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National practices in Sports Diplomacy

United States, China, Australia, France, Croatia… Many States have formalized a Sport diplomacy strategy. Although the approaches diverge, they all contribute to strengthening the interests of each country.





Assistant Professor,

University of Rijeka, Faculty of Law, Croatia



Sport and politics have mixed since time immemorial – just think of the Olympic Truce in ancient Greece – and they continue to do so through the instrumentalization of sport as a diplomatic and strategic means to policy ends. Illustrations abound: ping-pong diplomacy between China and the United States and hockey diplomacy between Canada and the former Soviet Union have been followed by wrestling diplomacy between Russia, Iran and the United States, cricket diplomacy between India and Pakistan, or the intermittent episodes of baseball diplomacy between Cuba and the United States.

In each of these cases, sport was co-opted to serve national interests or foreign policy outcomes. Today, we may look to Australia as an important example, as described by Stuart Murray in his contribution to this issue. Another important model is the United States. State Department’s SportsUnited programme, which includes two activities that deserve to be highlighted : the Sports Visitors program which allows sports people to travel to the USA for specialised training and clinics and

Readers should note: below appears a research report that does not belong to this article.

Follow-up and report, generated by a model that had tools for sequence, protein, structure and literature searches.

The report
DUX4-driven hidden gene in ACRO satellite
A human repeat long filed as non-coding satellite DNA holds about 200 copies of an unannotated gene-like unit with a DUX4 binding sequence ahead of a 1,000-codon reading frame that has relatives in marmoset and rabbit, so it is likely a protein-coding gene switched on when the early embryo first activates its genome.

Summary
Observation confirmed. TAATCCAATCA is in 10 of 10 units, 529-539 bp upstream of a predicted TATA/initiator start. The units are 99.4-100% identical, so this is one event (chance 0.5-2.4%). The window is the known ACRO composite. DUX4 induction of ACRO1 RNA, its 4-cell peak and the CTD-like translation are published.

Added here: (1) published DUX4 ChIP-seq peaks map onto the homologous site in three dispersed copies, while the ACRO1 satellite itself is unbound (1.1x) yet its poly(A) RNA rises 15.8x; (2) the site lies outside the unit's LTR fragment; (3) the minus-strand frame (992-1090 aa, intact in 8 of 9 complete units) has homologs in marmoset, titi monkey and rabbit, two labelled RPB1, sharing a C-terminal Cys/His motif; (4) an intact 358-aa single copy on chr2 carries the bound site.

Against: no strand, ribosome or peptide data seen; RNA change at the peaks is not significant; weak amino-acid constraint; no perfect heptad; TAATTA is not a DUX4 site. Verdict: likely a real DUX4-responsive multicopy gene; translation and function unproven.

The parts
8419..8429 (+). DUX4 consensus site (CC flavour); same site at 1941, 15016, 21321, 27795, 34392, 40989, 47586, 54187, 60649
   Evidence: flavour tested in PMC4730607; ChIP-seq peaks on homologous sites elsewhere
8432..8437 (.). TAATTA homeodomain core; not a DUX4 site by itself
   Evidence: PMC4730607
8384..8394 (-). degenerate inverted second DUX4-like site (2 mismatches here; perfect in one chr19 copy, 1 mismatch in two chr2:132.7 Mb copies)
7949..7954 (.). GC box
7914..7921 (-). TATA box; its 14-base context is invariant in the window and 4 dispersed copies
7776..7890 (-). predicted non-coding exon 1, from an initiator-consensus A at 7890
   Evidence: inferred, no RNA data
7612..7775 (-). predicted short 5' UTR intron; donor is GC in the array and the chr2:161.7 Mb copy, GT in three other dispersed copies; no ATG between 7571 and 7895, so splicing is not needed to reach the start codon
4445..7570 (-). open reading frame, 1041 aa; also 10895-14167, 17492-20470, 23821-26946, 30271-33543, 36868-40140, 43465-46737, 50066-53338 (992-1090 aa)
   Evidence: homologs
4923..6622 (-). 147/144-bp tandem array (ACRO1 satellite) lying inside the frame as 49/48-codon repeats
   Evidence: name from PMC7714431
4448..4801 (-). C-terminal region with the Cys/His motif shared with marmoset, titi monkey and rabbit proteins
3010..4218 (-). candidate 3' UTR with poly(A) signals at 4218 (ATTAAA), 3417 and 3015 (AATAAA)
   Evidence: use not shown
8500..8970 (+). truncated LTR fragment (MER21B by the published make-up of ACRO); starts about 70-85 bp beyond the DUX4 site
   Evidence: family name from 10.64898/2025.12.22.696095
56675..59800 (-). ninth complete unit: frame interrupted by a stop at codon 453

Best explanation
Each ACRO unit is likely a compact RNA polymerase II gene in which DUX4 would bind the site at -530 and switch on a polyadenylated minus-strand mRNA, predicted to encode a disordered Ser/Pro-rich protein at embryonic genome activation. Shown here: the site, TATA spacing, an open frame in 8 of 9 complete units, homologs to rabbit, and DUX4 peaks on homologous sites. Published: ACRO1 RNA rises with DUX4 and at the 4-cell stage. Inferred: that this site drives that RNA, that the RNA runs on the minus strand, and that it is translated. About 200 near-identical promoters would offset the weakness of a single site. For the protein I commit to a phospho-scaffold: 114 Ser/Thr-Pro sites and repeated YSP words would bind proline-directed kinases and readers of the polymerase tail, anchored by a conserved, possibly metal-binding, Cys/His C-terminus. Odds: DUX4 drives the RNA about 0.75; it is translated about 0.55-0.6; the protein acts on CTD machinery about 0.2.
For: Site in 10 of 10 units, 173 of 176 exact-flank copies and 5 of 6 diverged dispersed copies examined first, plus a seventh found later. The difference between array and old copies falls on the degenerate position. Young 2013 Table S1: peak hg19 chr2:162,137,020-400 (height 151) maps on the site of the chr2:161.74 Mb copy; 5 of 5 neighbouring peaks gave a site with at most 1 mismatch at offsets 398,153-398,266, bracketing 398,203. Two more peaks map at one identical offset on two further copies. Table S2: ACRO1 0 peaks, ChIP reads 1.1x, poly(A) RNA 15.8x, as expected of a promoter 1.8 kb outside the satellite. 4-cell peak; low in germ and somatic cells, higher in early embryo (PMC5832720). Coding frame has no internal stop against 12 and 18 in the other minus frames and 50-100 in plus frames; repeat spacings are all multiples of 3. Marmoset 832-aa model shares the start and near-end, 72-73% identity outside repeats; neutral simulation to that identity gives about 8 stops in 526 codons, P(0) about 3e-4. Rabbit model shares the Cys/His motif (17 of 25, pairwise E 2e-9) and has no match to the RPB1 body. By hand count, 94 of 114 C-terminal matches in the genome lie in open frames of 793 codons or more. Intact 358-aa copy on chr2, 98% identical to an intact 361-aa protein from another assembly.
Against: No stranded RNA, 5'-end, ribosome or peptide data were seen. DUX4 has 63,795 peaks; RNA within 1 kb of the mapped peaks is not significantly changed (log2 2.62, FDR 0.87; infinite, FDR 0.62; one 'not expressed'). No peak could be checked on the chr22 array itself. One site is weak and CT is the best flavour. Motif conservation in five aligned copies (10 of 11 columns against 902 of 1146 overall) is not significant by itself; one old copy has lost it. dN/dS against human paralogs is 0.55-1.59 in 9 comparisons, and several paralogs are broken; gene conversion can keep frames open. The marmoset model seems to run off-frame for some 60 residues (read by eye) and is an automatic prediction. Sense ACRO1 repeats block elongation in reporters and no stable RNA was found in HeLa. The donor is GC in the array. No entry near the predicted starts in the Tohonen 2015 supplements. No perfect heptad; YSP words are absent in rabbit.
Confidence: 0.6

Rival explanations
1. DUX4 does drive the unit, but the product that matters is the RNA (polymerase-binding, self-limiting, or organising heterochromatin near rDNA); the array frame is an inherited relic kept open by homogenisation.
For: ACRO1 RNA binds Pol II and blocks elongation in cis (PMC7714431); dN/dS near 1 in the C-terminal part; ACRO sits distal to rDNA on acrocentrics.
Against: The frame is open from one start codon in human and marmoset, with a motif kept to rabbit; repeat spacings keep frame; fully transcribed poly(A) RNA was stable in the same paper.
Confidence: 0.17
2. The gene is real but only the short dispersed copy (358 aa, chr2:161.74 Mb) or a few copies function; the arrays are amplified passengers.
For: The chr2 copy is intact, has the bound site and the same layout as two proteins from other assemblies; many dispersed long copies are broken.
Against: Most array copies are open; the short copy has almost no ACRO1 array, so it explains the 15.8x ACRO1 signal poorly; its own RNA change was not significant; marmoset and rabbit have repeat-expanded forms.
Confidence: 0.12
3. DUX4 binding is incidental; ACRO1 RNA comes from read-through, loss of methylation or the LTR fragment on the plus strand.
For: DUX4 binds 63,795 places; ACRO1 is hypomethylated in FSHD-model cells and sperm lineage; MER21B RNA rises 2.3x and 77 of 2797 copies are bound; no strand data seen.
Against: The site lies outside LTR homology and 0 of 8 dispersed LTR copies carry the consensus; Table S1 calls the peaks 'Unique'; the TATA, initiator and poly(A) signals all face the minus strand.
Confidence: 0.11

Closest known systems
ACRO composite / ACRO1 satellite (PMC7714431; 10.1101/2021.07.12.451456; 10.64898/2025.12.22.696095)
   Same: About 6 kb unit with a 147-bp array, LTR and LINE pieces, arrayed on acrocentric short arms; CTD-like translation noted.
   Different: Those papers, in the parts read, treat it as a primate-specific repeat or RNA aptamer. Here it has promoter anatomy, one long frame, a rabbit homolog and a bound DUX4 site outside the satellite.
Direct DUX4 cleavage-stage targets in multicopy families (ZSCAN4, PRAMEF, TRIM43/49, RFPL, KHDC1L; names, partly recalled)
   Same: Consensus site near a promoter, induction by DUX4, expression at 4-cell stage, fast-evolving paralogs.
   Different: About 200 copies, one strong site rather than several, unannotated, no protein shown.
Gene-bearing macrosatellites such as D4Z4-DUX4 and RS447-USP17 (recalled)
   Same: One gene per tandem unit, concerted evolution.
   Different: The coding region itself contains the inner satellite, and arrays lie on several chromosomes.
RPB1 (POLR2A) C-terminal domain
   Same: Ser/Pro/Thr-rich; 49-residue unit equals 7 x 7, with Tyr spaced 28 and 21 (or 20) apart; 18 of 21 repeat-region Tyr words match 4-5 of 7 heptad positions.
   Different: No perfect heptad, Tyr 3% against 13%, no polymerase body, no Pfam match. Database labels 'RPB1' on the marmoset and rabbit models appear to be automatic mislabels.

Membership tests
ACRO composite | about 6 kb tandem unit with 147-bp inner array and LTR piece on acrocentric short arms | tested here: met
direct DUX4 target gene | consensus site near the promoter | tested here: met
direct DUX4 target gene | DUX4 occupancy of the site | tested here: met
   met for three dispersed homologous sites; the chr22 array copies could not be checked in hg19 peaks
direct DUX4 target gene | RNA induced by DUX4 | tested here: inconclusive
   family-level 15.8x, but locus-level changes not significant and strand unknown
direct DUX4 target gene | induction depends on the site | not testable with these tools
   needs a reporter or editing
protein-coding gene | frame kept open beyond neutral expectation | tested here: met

Sports Envoys where mostly retired athletes and coaches are employed as “diplomats in tracksuits”.

The third interesting example is Japan and its use of sport to overcome imperialist stereotypes and reflect its economic achievements by organizing Mega Sports Events (MSE), including the football and rugby world cups and the Summer Olympics and Paralympics, as well as the Sport for Tomorrow programme, an initiative to promote sport to more than 10 million people in over 100 nations before the Tokyo Olympics. We may also name South Africa, Brazil and China, all focusing on MSEs as a political opportunity of presenting the “new” or “better” face in the global arena. China is further interesting for its huge investments in football as a diplomatic and economic tool of global reach, in addition to its stadium diplomacy, the construction of sporting facilities in developing countries.


In Europe we may point out France, with the world’s first “Ambassador for Sport” and its continued success in attracting some of the world’s biggest MSEs year after year. British sports diplomacy mainly consists of partnerships between the British Council and major sports associations, like the Premier League and Premiership Rugby for promoting UK values and the English language in the world. Other countries like Spain and Croatia have realised the importance of sports diplomacy in their political and economic agendas. Croatia, in particular, recognised the importance of sports diplomacy in its first ever national sports strategy (called National Sports Programme) and strongly supported, with the EU, the Youth Sports Games (Sportske igre mladih), a programme organized in Croatia, Bosnia and Herzegovina, and Serbia, which uses sport as a tool for reconciliation, as well as promoting understanding, friendship, solidarity
and fair play between youth.

While the EU is not a nation-state, it does have foreign policy objectives and may be well advised to take inspiration from these good examples around the globe.

Sport et citoyenneté